Friedrich Wilhelm Albrecht was born on 15 October 1894 at Plawanice, Russian Poland, the eldest of ten children to Ferdinand Albrect and his wife Helene, nee Reichwald. Albrecht was educated at the local school before entering the Lutheran Mission Institute at Hermannsburg, Germany in 1913, graduating in 1924. During this time, World War I erupted, and Albrecht served in the German medical corps on the Russian front and was awarded the Iron Cross.
Upon completion of his studies, Albrecht was sent to the Finke River Mission in Central Australia but not before receiving tuition in English in America. On 14 September 1925, Albrecht married Minna Maria Margaretha Gevers from Germany, in Winnipeg, Manitoba. The couple then sailed for Australia arriving in Sydney on 18 October 1925 and then headed for South Australia.
Albrecht was ordained a pastor on 14 February 1926 at Nuriootpa, South Australia. In April, the Albrechts arrived in Hermannsburg replacing Carl Friedrich Theodor Strehlow (See AA 315) as Superintendent and remained until 1952. During this time Albrecht became fluent in the local Aboriginal language. This enabled him to continue the Bible and language translations, preach in Arrernte, and train Aboriginal evangelists. Albrecht was also concerned about Aboriginal welfare, created employment opportunities, campaigned for Aboriginal settlements such as Areyonga and with financial assistance ensured construction of a pipeline from Koporilja Springs to provide permanent water at Hermannsburg.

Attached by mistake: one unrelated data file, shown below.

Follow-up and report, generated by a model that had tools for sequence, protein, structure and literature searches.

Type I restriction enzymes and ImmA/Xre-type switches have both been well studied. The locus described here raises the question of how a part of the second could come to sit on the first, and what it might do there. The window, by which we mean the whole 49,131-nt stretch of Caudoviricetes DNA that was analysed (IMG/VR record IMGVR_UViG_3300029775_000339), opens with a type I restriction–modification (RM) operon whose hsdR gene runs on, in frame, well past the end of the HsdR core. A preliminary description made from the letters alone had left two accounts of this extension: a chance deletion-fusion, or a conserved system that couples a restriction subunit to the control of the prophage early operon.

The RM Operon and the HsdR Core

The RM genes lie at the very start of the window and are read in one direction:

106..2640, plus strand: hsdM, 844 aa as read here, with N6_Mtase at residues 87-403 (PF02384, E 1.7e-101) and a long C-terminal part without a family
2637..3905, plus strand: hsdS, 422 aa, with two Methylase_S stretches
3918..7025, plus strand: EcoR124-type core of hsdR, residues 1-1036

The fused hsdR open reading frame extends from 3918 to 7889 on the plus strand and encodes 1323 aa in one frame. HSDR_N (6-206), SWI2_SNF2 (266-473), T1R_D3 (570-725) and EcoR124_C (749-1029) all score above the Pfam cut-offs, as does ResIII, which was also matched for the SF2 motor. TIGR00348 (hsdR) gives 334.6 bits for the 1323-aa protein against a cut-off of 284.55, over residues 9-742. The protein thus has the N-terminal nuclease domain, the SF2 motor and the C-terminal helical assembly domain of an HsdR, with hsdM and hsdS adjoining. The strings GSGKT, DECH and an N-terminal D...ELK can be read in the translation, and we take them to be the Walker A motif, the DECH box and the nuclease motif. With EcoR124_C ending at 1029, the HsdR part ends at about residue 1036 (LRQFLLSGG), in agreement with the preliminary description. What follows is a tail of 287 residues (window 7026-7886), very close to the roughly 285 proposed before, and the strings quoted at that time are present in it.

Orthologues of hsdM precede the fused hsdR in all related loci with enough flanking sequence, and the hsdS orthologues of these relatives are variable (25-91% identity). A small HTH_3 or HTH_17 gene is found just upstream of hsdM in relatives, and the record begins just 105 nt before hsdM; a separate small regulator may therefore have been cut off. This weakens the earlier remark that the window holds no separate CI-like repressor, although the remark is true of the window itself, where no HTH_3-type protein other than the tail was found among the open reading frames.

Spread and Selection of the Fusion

In 1952 the family, moved to Alice Springs, Northern Territory and then to Linden Park, South Australia in 1962. Albrecht was awarded an MBE in 1958 and an Officer's Cross of the Order of Merit in 1973 by the Federal Republic of Germany. Albrecht published essays and papers about Aboriginal people in Central Australia.
Albrecht died at Fullarton, South Australia on 16 March 1984, four months after his wife, and survived by three sons and two daughters. He is buried in Centennial Park, South Australia.